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Ryan Johansen's stare-down with Blue Jackets could have negative effect

Ryan Johansen and the Columbus Blue Jackets have less than two months to work out their spat, one that would have been worked out for them if one of them could have taken the other to arbitration. And Brad Richards on Chicago's second line might not be a great idea.
The Hockey News

The Hockey News

News and views from the meager scraps left by the hockey world in a very slow middle of July:

News: Columbus Blue Jackets president John Davidson says the organization is trying to figure out, “the right thing to do,” when it comes to restricted free agent Ryan Johansen.

Views: After scoring 33 goals in the regular season and being a force for the Blue Jackets in the playoffs, Johansen has earned the right to demand a long-term contract for as much money as he wants. But the fact remains that he would have earned that right even if he had been half as good as he was last season. It's free agency and any player can ask for whatever he thinks he's worth.

That doesn’t mean he’s going to get it. What this comes down to is organizational philosophy and the Blue Jackets obviously, at this moment in time, don’t think giving Johansen anything beyond a two-year deal is the best course of action. That’s they’re right, too. While Johansen is quick to point out that he led the Blue Jackets in goals and points last season, the team can just as quickly remind him that the season before he had five goals in 40 games and was a healthy scratch for their minor league affiliate.

It has led to the predictable “slap-in-the-face” proclamations, but if Johansen is smart, he’ll take the bridge deal, you know, the same way P.K. Subban and Matt Duchene did, then get the Blue Jackets to pay up, either in arbitration or in the form of a long-term deal.

If neither side budges and this extends through the summer, into training camp and perhaps, into the season, nobody wins. Johansen will be just 22 years old when the season begins and he needs to be in camp and on the roster for opening night. Historically, players who miss time at that point in the season take a couple of months to find their game and the Blue Jackets, who have a chance to be a legitimate contender in a weak Eastern Conference, can’t afford to have that happen.

I’m willing to bet that right about now the Blue Jackets wish the NHL, instead of treating arbitration like the bogeyman, would increase its scope. If Johansen or the team had arbitration rights, one of them would have filed, ensuring Johansen would be under contract at a reasonable amount and they’d all be able to move on with their summer.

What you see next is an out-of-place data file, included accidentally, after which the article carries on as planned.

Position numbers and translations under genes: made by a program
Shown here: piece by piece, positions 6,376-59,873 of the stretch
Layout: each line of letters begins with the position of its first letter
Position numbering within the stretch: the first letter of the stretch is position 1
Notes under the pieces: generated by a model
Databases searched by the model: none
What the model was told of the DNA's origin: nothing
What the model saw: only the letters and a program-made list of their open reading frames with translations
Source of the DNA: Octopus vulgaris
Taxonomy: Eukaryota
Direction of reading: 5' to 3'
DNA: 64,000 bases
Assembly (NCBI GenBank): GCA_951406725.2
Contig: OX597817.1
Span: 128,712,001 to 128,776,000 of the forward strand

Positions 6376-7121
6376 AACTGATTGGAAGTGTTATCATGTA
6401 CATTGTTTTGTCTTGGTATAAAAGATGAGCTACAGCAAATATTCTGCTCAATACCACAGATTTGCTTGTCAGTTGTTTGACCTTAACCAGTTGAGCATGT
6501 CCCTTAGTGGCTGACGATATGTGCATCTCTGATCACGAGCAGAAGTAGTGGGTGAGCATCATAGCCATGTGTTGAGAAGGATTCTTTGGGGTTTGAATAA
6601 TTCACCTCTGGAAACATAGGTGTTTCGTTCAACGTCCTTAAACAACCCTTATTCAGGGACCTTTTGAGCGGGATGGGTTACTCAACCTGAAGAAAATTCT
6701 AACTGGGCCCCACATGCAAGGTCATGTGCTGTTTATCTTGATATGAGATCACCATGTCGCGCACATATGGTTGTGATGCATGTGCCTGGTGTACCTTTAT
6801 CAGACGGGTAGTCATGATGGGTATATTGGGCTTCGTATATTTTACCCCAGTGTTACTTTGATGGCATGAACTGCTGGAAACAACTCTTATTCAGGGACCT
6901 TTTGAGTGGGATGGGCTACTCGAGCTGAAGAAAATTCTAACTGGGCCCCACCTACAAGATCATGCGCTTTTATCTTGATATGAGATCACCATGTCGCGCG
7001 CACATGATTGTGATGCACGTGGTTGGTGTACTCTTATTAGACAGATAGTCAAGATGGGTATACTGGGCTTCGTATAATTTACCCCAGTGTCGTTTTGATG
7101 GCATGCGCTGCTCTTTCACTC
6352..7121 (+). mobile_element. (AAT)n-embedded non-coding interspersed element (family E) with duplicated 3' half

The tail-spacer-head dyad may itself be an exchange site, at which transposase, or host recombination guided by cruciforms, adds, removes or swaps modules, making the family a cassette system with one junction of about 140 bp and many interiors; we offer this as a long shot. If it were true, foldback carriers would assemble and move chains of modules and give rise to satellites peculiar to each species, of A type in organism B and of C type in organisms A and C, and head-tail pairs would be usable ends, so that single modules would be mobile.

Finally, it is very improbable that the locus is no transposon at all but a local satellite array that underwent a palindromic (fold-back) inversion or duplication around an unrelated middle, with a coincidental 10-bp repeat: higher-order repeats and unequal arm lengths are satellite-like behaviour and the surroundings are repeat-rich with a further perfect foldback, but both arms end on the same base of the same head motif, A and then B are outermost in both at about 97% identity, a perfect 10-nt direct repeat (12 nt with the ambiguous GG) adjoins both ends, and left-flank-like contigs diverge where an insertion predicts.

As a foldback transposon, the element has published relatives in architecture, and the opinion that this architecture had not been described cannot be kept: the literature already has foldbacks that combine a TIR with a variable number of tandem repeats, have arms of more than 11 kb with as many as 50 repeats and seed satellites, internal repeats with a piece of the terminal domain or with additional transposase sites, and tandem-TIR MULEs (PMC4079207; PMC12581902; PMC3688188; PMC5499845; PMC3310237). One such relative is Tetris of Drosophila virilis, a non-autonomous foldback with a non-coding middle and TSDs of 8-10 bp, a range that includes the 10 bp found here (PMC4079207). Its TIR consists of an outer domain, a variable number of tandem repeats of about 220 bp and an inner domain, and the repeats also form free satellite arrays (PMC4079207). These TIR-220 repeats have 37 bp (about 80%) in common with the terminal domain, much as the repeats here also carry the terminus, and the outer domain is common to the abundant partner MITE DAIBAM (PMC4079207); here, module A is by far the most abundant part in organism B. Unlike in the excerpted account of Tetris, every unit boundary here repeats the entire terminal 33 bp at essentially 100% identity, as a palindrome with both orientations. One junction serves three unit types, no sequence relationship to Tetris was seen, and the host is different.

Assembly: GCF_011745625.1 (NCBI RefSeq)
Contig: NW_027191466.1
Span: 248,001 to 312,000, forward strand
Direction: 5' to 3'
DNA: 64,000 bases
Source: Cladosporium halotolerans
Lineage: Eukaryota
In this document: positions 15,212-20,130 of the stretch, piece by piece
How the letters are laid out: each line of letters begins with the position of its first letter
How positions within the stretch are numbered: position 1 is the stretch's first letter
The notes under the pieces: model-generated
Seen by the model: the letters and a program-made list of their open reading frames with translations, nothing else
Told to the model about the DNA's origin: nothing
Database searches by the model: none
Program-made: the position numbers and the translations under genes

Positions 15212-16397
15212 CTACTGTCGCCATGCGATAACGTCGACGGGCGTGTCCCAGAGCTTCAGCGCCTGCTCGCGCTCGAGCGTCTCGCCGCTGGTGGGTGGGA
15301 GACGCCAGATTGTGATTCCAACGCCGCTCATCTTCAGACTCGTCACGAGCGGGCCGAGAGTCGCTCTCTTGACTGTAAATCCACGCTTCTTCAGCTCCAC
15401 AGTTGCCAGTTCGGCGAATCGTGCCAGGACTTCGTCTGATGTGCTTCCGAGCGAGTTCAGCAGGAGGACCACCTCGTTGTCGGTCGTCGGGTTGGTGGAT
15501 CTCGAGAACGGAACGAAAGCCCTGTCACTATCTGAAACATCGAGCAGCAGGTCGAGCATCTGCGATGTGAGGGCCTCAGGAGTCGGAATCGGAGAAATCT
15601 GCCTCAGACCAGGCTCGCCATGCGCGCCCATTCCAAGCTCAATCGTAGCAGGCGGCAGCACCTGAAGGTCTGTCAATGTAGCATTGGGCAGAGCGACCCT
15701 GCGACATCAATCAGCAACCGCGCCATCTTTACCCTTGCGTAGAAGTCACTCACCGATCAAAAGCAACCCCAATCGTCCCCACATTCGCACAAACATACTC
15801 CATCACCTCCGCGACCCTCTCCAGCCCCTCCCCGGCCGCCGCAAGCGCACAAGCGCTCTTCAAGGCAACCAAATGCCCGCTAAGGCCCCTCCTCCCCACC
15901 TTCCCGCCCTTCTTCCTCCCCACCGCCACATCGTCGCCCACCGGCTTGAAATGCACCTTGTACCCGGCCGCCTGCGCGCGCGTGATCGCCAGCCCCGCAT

News:Brad Richards is introduced to fans in Chicago, will likely play on the second line with Patrick Kane and Brandon Saad.

Views: This would worry me if I were a Blackhawks fan. The Brad Richards we saw in the Stanley Cup final has lost a lot of speed and both Kane and Saad rely on speed to create offense. Seeing Richards on that line would concern me the same way Jarome Iginla signed for three years on a team that has a go-go mentality.

What happens when Kane picks up the puck in his own zone and wheels it up the ice at breakneck speed, enters the offensive zone and realizes he has only one option because Richards isn’t in position yet?

Don’t get me wrong. I think Richards was a solid signing. He’s a character player who can help a team, but giving him too big a role, like asking him to center the second line between two players whose game is predicated on speed, might be expecting too much.

News: Detroit Red Wings coach Mike Babcock defends himself over allegations that free agents are avoiding Detroit because of him.

Views: All Babcock needs to do is point to his coaching record, which is essentially what he did. He also said that if the Red Wings are concerned about potential free agents not liking him, he should be coaching somewhere else. And he’s right. But the betting in this corner is he won’t be coaching anywhere else. Because he’s the best coach in the NHL and the Wings will realize that. So do free agents who really want to be pushed and want to win. Players aren’t going to Detroit these days because they’re not seen as a contender. After all those years of success, they’re in a low ebb. They’ve lost some good people like Steve Yzerman and Jim Nill and Detroit is finally finding out how the other half lives. That’s nobody’s fault, least of all Babcock’s.


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